Ticketing System Implementation Leads to a Riot
I often say that one of the wonderful things about working in live entertainment is that it’s not a matter of life and death. And while people who work in making sure venues are safe have a reasonable beef with that statement, even they would probably get what I meant.
Ticketing is typically an even safer occupation. Nobody expects danger from the roll-out of a new system. Annoyed season ticket holders having to adjust to a new website perhaps, but not much more than that.
In Turkey on Sunday, the rollout of a new system led to riots in the street that ended up as pretty serious clashes with the police.
Why? Because the new system, which has become a requirement of the Turkish Football Federation, allows the ticketing system to know just about everything they might want to know about the ticket buyers, including bank account data, and to share that information with the police. The goal is to stop violence and hooliganism at games, but of course, it’s open to a lot of abuse.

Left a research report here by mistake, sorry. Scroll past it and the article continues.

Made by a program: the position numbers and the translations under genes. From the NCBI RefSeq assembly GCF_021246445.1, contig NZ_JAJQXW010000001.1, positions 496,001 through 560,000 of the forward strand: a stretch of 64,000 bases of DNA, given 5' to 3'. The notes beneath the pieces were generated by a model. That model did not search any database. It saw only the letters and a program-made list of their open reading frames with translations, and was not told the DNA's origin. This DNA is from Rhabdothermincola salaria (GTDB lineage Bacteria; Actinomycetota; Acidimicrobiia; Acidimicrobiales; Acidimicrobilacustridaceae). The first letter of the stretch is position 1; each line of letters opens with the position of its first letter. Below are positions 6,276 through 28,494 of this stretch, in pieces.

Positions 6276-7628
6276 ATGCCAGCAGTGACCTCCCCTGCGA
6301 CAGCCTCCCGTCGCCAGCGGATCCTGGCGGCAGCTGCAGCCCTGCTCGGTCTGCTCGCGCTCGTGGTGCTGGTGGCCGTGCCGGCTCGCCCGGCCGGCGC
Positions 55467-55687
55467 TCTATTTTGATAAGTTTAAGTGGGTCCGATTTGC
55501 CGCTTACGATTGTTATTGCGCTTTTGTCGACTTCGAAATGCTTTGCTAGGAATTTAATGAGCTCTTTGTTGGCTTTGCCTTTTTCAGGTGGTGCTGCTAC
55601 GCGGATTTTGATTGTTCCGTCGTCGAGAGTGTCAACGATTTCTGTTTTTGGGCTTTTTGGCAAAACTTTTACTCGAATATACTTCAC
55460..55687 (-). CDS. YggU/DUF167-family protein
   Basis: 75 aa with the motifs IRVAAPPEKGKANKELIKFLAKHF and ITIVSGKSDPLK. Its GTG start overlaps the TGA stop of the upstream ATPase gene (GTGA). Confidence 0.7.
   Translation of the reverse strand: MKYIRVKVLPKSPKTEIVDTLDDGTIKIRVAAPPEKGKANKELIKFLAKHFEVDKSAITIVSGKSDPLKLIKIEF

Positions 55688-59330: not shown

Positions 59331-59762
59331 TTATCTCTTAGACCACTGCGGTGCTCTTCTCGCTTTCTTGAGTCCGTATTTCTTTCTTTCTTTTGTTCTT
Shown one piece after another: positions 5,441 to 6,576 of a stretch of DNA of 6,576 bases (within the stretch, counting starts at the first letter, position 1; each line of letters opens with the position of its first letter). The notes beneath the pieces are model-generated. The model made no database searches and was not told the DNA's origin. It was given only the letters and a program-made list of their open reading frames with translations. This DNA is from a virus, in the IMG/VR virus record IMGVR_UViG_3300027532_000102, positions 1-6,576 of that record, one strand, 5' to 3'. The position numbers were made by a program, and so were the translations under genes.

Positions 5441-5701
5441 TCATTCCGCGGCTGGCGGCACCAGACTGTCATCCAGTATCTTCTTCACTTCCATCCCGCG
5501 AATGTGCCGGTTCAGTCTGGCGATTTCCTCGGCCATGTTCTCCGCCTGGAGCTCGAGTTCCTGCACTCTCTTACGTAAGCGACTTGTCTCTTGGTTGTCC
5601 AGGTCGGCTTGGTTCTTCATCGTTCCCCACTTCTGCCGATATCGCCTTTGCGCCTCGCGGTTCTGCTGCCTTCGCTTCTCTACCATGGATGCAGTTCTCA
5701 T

In the context of NSA and other agencies of our own government leaning on tech companies to hand over information for security purposes, it’s not an absurd notion that this could become an issue that we in the ticket-selling business are confronted with at some point: turning over ticket sales data to somebody for “security” purposes.
I hope not, but it’s hard to rule out the possibility.